Diamonds Improved by Irradiation?

Part of the Smithsonian Gem CollectionBesides hardness and texture, probably the most fascinating aspect of gems is their color. There are so many different and wonderful clear and foggy gems with colors that span almost the complete spectrum. Usually it's the impurities and the way they are bound to the mineral crystals that determines the color. For example, NaAl[Si2O6] crystal becomes one type of Jade when laced with chromium, an element that reflects a green part of the light spectrum and absorbs all other colors. Similarly Beryl, which is colorless in its pure mineral form, Be3Al2[Si6O18], becomes Emerald with chromium impurities.

These impurities get absorbed naturally into the crystalline structure of the mineral inside the Earth's crust. The process is stimulated by high temperatures, pressures and sometimes a little help from naturally occurring radiation sources. Clear gems such as diamond or quartz are rarely found colored. However, sometimes these clear gems already contain impurities that can be activated, i.e., the way they bond to the crystalline matrix can be changed by irradiating and heating these gems after they have been excavated.

One can produce bright yellow, blue or green diamonds by irradiating clear diamonds with a radioactive source such as Cobalt 60. Topaz, which is naturally colorless, can be transformed into a cinnamon brown. Fully transparent Quartz can be changed into prized foggy white if it contains enough aluminum impurities or into an Amethyst if it contains enough iron impurities. The problem with gem irradiation is that the final results are not predictable. The gamma radiation from the source basically rearranges the electrons and bonds between the mineral and impurities. Exactly what impurities are present and how they will be rearranged is a probability game. Vibrant colors do however increase the price of the gem significantly, hence most jewelers are willing to take this gamble. If you ever bought a colored diamond, did you ask your jeweler if the color was natural or a result of irradiation?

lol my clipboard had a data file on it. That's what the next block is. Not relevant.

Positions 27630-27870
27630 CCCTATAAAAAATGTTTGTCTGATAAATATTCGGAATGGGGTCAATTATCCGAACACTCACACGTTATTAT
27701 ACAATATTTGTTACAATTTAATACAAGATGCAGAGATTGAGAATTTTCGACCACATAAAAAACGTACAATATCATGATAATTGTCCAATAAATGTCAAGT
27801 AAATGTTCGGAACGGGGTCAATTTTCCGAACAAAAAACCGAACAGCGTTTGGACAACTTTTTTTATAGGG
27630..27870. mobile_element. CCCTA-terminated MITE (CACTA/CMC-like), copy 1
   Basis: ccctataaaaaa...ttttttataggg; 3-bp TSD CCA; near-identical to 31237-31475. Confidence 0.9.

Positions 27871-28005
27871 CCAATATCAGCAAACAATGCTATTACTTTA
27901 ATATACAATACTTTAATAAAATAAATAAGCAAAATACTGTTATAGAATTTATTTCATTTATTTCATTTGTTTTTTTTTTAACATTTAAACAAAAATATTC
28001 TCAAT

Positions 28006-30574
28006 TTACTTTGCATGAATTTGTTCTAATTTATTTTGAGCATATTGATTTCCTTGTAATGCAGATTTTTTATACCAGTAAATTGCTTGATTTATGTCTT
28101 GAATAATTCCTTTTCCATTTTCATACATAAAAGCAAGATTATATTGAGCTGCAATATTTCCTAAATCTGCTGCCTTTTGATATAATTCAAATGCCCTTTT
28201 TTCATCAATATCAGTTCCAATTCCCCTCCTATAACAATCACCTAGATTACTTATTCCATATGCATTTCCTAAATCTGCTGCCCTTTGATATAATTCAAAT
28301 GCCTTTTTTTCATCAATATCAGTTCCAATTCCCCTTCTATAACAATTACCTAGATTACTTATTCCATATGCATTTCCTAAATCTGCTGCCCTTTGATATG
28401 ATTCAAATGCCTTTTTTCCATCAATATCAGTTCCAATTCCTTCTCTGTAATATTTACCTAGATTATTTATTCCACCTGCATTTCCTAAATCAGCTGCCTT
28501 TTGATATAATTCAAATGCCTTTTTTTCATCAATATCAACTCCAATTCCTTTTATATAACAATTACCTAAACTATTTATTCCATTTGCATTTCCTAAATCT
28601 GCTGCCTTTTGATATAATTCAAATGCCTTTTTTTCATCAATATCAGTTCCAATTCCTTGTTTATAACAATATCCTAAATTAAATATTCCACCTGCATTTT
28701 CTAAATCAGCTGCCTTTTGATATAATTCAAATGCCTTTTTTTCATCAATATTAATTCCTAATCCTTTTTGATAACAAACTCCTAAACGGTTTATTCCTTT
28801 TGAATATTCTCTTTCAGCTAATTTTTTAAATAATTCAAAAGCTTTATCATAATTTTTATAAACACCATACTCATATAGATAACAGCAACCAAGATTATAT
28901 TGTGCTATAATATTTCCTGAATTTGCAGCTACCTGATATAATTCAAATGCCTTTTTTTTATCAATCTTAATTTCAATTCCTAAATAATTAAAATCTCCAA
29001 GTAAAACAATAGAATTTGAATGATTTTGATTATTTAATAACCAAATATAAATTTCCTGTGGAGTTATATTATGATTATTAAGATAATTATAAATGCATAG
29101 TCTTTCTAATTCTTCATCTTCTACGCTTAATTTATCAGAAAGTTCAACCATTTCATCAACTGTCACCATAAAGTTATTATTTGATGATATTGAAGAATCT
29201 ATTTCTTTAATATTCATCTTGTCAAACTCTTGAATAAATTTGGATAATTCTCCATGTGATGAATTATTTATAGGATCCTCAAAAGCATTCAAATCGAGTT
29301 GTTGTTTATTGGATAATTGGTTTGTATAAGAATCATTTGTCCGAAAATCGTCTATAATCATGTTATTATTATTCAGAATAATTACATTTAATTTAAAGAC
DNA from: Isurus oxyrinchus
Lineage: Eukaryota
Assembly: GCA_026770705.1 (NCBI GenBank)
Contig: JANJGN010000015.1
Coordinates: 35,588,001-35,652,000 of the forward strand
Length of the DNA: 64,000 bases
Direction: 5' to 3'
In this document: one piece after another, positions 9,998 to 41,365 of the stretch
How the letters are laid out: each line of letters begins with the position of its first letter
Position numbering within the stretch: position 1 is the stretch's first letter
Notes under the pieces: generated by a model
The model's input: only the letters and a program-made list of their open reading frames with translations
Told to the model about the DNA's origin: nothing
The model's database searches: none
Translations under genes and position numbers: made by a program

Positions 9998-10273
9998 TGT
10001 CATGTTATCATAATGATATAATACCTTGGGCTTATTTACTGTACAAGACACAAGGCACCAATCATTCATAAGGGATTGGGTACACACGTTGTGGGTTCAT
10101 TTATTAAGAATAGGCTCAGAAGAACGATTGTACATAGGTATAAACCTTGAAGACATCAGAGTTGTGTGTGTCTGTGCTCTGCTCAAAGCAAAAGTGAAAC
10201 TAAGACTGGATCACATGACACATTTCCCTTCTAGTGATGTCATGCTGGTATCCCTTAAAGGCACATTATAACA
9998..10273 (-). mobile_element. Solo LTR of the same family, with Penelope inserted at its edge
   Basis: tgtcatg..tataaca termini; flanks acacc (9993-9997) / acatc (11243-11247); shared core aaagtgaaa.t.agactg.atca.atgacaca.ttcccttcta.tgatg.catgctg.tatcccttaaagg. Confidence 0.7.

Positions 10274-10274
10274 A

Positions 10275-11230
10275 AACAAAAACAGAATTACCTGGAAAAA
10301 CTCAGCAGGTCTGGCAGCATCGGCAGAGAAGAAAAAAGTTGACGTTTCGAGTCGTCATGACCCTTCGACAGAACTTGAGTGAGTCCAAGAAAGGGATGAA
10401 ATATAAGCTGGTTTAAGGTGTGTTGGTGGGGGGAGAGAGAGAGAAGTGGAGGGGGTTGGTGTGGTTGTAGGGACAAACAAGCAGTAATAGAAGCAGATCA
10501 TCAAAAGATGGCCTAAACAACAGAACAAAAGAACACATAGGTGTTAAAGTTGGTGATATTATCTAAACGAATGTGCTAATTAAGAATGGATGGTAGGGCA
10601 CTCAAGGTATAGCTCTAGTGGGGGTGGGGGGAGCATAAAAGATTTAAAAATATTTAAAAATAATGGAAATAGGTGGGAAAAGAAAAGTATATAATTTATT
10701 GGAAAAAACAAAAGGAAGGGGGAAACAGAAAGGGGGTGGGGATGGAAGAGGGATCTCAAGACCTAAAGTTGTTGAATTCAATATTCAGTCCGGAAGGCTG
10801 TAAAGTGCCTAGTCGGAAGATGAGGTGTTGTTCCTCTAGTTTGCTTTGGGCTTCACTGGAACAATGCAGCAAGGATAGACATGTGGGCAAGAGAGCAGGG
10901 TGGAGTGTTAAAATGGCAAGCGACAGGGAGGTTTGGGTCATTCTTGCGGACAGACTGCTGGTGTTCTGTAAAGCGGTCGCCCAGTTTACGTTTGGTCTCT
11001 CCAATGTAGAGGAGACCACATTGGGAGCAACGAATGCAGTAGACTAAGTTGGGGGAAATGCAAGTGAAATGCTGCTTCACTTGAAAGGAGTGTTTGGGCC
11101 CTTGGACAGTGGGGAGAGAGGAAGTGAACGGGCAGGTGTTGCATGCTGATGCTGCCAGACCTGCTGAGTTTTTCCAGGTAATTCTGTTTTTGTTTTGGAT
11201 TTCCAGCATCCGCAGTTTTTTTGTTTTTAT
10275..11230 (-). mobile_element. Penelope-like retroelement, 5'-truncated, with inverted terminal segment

About the Author

Anton Skorucak, MS

Anton SkorucakAnton Skorucak is a founder and publisher of Anton Skorucak has a Master of Science (MS) degree in physics from the University of Southern California, Los Angeles, California and a B.Sc. in physics with a minor in material science from the McMaster University, Canada. He is the president and creator of, a comprehensive physics and astronomy online education, research and reference web site.